No classical musician has an “easy” career track these days, but classical guitarists face an unusual plight. On the one hand they are experts on an instrument that is almost universally beloved, yet on the other they are devotees of a sub-genre that many people, even some classical fans, barely know exists. So what are your three favorite works for classical guitar? My point exactly.
For this reason, Boston GuitarFest, founded seven years ago by the prominent guitarist and New England Conservatory faculty member Eliot Fisk, seems to always have been as much about building professional community as it was about entertaining audiences. There are seminars and master classes, an annual competition, a group visit to the MFA, and, almost incidentally, a series of concerts in which the public is invited to listen in.
This year for the first time GuitarFest includes a workshop for young guitarists as well as a collaboration with Stephen Drury’s nearby Summer Institute for Contemporary Performance Practice, taking place at NEC. On Thursday afternoon at the Fenway Center, members of Drury’s ensemble Callithumpian Consort joined festival guitarists for a program called “Nach Bach,” playfully tracing Bach’s influence down to the present day.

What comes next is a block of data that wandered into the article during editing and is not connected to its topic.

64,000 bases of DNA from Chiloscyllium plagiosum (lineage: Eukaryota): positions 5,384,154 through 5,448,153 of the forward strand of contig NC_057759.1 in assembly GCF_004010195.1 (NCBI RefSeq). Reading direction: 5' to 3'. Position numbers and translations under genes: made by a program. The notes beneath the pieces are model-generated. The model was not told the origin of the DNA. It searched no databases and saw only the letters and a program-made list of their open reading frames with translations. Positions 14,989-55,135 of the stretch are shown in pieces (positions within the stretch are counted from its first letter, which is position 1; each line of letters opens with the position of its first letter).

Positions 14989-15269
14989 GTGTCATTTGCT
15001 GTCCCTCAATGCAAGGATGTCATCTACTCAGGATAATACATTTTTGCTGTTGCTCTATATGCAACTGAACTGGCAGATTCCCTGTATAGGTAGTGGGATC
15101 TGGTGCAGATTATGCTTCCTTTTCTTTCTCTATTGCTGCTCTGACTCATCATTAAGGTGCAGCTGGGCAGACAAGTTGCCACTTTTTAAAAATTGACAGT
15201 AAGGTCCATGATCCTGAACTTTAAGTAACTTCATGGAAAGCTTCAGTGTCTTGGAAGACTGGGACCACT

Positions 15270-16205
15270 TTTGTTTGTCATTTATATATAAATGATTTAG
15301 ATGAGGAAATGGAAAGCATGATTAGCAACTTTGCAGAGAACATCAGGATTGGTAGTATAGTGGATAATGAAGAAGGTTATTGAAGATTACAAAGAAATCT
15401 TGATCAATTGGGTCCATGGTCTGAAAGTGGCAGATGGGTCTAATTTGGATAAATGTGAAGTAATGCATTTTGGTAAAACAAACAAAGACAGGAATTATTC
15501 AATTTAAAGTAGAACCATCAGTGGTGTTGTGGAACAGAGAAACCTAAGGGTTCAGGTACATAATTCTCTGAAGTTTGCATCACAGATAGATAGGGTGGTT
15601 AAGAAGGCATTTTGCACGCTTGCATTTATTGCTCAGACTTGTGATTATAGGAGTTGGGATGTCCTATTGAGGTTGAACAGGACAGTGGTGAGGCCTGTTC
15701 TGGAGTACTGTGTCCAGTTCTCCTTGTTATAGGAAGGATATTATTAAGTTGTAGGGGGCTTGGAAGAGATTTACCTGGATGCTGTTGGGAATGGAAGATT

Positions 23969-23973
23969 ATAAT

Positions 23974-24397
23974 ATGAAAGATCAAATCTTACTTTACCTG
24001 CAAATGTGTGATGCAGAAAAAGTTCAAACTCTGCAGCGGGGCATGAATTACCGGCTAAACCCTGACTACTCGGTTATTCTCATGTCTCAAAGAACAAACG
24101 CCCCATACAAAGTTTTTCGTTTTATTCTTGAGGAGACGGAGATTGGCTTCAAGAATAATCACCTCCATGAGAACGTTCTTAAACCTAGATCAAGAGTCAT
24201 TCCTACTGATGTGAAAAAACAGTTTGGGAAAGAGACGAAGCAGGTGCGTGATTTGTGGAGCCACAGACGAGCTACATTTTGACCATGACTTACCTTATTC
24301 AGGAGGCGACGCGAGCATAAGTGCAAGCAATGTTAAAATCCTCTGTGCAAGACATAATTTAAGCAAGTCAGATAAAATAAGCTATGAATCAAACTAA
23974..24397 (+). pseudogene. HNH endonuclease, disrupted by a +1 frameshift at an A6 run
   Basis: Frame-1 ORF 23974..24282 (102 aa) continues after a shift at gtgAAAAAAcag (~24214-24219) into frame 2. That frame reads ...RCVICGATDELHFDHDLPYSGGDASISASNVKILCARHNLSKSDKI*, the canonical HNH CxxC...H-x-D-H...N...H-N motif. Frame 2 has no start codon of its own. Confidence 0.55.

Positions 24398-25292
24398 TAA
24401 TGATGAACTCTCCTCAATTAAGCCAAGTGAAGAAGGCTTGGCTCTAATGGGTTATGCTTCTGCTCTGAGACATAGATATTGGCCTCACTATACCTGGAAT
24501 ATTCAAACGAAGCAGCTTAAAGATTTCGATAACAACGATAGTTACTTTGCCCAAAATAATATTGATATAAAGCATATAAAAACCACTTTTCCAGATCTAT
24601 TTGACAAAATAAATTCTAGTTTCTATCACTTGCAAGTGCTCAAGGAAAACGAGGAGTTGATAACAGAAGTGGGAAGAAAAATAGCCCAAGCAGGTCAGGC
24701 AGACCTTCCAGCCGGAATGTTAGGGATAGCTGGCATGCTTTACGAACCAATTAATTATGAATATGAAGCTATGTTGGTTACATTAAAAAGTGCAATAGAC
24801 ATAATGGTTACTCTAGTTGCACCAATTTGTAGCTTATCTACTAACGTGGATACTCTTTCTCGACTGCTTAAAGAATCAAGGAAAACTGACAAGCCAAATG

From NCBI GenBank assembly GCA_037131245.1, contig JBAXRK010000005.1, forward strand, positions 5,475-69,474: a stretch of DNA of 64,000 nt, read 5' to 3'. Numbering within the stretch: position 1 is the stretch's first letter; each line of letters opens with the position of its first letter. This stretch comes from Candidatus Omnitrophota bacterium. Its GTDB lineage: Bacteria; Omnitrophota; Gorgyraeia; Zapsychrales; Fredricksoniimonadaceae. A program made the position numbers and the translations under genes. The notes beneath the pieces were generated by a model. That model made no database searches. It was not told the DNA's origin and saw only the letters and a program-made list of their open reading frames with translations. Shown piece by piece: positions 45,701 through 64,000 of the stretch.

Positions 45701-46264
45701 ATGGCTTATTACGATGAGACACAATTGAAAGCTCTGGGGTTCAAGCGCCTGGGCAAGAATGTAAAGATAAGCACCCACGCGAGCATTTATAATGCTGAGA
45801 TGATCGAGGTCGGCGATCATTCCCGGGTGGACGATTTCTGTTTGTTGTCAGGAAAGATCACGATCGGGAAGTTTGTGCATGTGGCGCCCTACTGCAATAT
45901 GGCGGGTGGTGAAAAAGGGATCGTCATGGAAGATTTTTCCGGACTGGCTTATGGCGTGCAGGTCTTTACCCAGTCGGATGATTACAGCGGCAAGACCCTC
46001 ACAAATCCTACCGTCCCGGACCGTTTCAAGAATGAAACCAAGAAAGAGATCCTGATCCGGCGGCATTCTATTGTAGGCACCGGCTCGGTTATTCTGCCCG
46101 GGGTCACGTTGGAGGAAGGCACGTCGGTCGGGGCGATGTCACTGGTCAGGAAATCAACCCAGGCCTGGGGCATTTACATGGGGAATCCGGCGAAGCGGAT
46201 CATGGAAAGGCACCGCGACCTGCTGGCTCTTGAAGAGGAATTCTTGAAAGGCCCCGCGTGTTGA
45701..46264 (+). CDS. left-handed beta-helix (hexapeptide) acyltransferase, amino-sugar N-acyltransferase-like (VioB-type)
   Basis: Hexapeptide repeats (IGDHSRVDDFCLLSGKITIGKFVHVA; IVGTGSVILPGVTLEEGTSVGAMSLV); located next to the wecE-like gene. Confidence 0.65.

As a point of departure, Bach’s final unfinished Contrapunctus from “The Art of Fugue” was offered in an arrangement for clarinet, guitar, vibraphone, and cello, a combination of instruments that gave this iconic score a sheen that was mellow, cool, and glistening. By contrast, Alvin Lucier’s “Canon” was a hypnotic study in granular slow motion change, as ensemble pitch migrates almost imperceptibly over the course of several minutes. In a similar spirit, variation in Glass’s “Music in Fifths” comes sparingly, and this score, dating from the composer’s more severe pre-Romantic stage, became on Thursday a study in endurance for all involved. That the performance, led by guitarist Maarten Stragier, was as tight and coherent as it was, given the sauna-like temperatures in the Fenway Center, was a testament to the unflappability of these musicians.
The program began with Jonathan Godfrey playing his own Sonatina for Guitar Solo, an often soft-spoken and invitingly poetic work written in 2010. GuitarFest continues with a “Back to Bach” concert tonight in Jordan Hall, featuring Fisk and the distinguished Italian guitarist Oscar Ghiglia.